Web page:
If, during the course of its work with Big Local, a locally trusted organisation has contact with children, young people and vulnerable adults, or has access to information about them, it is responsible for safeguarding those people.
Each locally trusted organisation has signed terms and conditions of funding with Local Trust, which state:
“If the activities you are planning involve working with children, young people, or vulnerable adults (such as elderly people or people with disabilities), you need to be sure that they will be safe. As a minimum, you must have a policy and explain how you will put this into practice. It is your responsibility to have acceptable protection policies and procedures for children, young people, and vulnerable adults in place. Local Trust may ask to inspect these at any time.”
We do not expect Big Local partnerships to run activities independent of their locally trusted organisation which involve working with children, young people and vulnerable adults. However, all people involved in Big Local should be aware of and promote the welfare of children, young people and vulnerable adults.
The Disclosure and Barring Service (DBS) helps employers make safer recruitment decisions and prevent unsuitable people from working with vulnerable groups, including children. It replaces the Criminal Records Bureau (CRB) and Independent Safeguarding Authority (ISA). (Gov.uk)
Whether a Big Local volunteer needs a DBS check or not depends on the nature of the volunteer’s role. Organisations only need to carry out checks if a volunteer is in a position where they are working with children or vulnerable adults.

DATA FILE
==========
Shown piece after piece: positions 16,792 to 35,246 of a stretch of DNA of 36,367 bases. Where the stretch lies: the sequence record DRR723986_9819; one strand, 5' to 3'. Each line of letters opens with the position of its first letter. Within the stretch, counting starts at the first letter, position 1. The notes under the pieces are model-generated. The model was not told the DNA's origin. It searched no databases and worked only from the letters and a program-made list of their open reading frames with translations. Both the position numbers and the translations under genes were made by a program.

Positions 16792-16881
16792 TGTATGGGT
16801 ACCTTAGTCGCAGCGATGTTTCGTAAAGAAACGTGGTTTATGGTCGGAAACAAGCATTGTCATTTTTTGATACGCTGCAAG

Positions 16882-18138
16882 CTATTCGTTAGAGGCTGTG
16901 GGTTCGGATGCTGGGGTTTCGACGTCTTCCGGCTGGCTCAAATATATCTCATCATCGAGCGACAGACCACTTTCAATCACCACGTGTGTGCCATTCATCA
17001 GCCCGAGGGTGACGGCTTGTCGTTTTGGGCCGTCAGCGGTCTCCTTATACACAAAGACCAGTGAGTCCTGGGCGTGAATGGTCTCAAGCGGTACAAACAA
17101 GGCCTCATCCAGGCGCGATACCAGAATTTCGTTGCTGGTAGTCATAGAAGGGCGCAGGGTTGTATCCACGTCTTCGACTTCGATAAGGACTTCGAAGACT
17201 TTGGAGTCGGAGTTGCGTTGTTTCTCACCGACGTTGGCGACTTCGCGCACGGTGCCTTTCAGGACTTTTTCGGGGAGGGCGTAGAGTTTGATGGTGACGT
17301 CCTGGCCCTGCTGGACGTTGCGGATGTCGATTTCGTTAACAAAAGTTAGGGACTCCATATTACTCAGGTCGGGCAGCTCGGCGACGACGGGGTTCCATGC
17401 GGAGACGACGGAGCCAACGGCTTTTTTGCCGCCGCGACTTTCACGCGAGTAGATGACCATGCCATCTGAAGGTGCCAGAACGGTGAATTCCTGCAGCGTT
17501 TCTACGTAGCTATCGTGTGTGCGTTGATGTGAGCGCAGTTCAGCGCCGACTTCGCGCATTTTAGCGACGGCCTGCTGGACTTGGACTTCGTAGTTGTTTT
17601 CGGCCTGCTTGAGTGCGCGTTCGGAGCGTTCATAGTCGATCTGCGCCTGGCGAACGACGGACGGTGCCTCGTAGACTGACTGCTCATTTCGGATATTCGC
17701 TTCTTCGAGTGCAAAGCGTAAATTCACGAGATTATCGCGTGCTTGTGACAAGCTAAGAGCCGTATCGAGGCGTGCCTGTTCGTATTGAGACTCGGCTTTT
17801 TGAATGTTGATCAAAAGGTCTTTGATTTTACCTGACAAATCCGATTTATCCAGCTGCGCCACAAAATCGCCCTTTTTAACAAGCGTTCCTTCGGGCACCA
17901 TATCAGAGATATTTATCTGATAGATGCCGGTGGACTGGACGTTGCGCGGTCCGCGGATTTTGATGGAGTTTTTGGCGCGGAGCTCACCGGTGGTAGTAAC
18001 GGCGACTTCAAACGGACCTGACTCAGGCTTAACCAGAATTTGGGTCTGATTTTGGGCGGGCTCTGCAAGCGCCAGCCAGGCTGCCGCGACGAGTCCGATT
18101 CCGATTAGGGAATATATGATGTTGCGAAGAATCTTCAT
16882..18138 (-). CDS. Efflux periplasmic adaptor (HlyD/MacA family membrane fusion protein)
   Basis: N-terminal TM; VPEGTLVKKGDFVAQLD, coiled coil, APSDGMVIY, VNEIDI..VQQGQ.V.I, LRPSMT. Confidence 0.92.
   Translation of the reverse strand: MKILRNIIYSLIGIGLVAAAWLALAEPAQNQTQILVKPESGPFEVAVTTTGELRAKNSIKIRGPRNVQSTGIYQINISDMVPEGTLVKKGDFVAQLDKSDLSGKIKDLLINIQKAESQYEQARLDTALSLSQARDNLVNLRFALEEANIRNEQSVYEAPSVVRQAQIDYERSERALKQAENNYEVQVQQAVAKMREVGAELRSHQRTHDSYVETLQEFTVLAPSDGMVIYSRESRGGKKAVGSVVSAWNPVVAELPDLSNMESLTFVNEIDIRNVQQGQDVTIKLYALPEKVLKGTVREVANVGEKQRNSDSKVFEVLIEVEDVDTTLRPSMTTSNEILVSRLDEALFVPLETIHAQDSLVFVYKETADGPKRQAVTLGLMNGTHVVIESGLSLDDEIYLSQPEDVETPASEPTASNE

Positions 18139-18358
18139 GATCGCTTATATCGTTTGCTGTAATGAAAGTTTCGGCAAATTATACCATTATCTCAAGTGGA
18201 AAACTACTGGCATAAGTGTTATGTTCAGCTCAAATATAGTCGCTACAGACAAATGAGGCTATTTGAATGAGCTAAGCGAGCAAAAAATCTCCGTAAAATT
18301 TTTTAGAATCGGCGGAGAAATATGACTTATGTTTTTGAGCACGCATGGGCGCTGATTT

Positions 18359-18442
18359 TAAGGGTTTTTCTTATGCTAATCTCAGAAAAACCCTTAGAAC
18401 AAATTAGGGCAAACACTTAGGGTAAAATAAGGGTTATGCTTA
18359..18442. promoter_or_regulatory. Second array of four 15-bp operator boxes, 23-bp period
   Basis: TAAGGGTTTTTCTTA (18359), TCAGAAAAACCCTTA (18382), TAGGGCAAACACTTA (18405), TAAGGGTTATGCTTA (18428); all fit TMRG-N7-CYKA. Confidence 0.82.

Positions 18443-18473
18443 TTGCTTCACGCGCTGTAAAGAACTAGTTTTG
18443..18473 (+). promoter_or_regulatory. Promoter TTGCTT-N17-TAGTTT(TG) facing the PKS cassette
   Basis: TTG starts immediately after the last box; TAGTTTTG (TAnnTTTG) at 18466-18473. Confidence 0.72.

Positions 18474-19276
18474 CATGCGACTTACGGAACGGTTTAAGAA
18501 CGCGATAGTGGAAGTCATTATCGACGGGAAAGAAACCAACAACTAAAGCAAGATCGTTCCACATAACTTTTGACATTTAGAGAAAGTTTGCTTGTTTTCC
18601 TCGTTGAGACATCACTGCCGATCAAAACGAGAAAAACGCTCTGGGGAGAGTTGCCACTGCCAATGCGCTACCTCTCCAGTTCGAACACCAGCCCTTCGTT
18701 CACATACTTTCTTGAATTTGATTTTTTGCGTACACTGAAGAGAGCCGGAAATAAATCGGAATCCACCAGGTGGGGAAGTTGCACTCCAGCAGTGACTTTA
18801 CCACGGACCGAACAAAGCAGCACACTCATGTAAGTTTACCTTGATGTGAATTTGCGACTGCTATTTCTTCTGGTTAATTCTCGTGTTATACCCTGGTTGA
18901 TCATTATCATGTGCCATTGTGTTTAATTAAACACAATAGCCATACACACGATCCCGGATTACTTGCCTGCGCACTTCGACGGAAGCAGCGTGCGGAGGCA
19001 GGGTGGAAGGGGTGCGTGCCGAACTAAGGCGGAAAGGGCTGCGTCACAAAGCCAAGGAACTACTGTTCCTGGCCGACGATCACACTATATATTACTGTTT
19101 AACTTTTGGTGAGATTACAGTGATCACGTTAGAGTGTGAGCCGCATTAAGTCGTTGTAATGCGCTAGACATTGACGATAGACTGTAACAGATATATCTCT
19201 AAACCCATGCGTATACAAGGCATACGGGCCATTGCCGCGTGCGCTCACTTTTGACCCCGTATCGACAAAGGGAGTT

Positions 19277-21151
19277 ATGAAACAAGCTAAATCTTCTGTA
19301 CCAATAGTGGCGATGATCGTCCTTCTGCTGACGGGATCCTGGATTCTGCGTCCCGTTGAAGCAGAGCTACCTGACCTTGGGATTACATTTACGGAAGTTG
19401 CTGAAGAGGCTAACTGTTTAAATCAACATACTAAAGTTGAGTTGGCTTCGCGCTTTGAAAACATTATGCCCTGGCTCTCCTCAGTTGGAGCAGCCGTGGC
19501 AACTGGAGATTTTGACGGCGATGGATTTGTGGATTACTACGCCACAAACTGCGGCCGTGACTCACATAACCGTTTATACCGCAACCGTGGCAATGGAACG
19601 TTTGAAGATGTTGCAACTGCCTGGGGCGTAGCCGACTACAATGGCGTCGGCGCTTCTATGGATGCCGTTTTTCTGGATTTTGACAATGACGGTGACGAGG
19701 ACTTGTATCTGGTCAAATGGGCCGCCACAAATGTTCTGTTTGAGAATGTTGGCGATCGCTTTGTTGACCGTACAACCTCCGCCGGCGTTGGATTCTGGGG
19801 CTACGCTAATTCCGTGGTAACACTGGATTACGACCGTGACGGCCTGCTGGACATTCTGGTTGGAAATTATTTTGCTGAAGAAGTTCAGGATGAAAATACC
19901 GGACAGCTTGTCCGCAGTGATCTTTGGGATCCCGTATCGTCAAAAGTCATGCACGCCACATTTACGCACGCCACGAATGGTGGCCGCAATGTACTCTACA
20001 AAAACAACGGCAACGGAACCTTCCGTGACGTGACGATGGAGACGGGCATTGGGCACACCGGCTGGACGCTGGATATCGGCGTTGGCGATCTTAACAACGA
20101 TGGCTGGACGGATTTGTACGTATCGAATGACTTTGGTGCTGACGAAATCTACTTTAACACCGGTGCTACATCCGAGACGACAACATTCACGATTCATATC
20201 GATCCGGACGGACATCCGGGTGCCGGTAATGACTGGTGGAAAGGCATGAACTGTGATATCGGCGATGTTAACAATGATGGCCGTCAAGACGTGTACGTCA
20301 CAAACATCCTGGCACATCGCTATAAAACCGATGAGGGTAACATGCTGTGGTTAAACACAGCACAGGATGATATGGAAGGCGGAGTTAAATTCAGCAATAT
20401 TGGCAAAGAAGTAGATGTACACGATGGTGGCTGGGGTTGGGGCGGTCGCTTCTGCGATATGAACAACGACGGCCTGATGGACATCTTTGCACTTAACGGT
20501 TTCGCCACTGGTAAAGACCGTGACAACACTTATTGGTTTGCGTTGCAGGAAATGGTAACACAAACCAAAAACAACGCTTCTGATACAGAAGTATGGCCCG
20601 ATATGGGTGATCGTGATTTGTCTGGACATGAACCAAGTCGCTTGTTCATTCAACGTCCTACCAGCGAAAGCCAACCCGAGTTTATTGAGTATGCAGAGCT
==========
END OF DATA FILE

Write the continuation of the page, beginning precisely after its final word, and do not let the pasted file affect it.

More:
Members of a Big Local partnership will probably not be required to have DBS checks unless they are working directly with children, young people or vulnerable adults. You can’t ask for a DBS check unless there is an appropriate reason for doing so.
There are very specific rules on what types of roles require a DBS check. You can find out more here: https://www.gov.uk/government/publications/dbs-check-eligible-positions-guidance
If it is an emergency, you should contact your local emergency service by dialling 999 and if you are seeking medical attention, ask for the ambulance service if the child or vulnerable adult is in immediate danger, ask for the police.
If you are worried about a child or vulnerable adult but it isn’t an emergency, don’t wait until you’re certain. If you have any concerns about a child, contact the NSPCC (National Society for the Prevention of Cruelty to Children) free helpline service to speak to a counsellor (24 hours a day, 365 days a year) on 0808 800 5000 or email: email@example.com
You can contact the NSPCC at any time to discuss concerns about a child, whether it’s your own, a family member, a neighbour or a child in the community.
If you have concerns about a vulnerable adult, contact the Safeguarding Adults Board at your local authority.
If you are concerned about how children, young people and vulnerable adults are protected during Big Local activities, speak to your locally trusted organisation.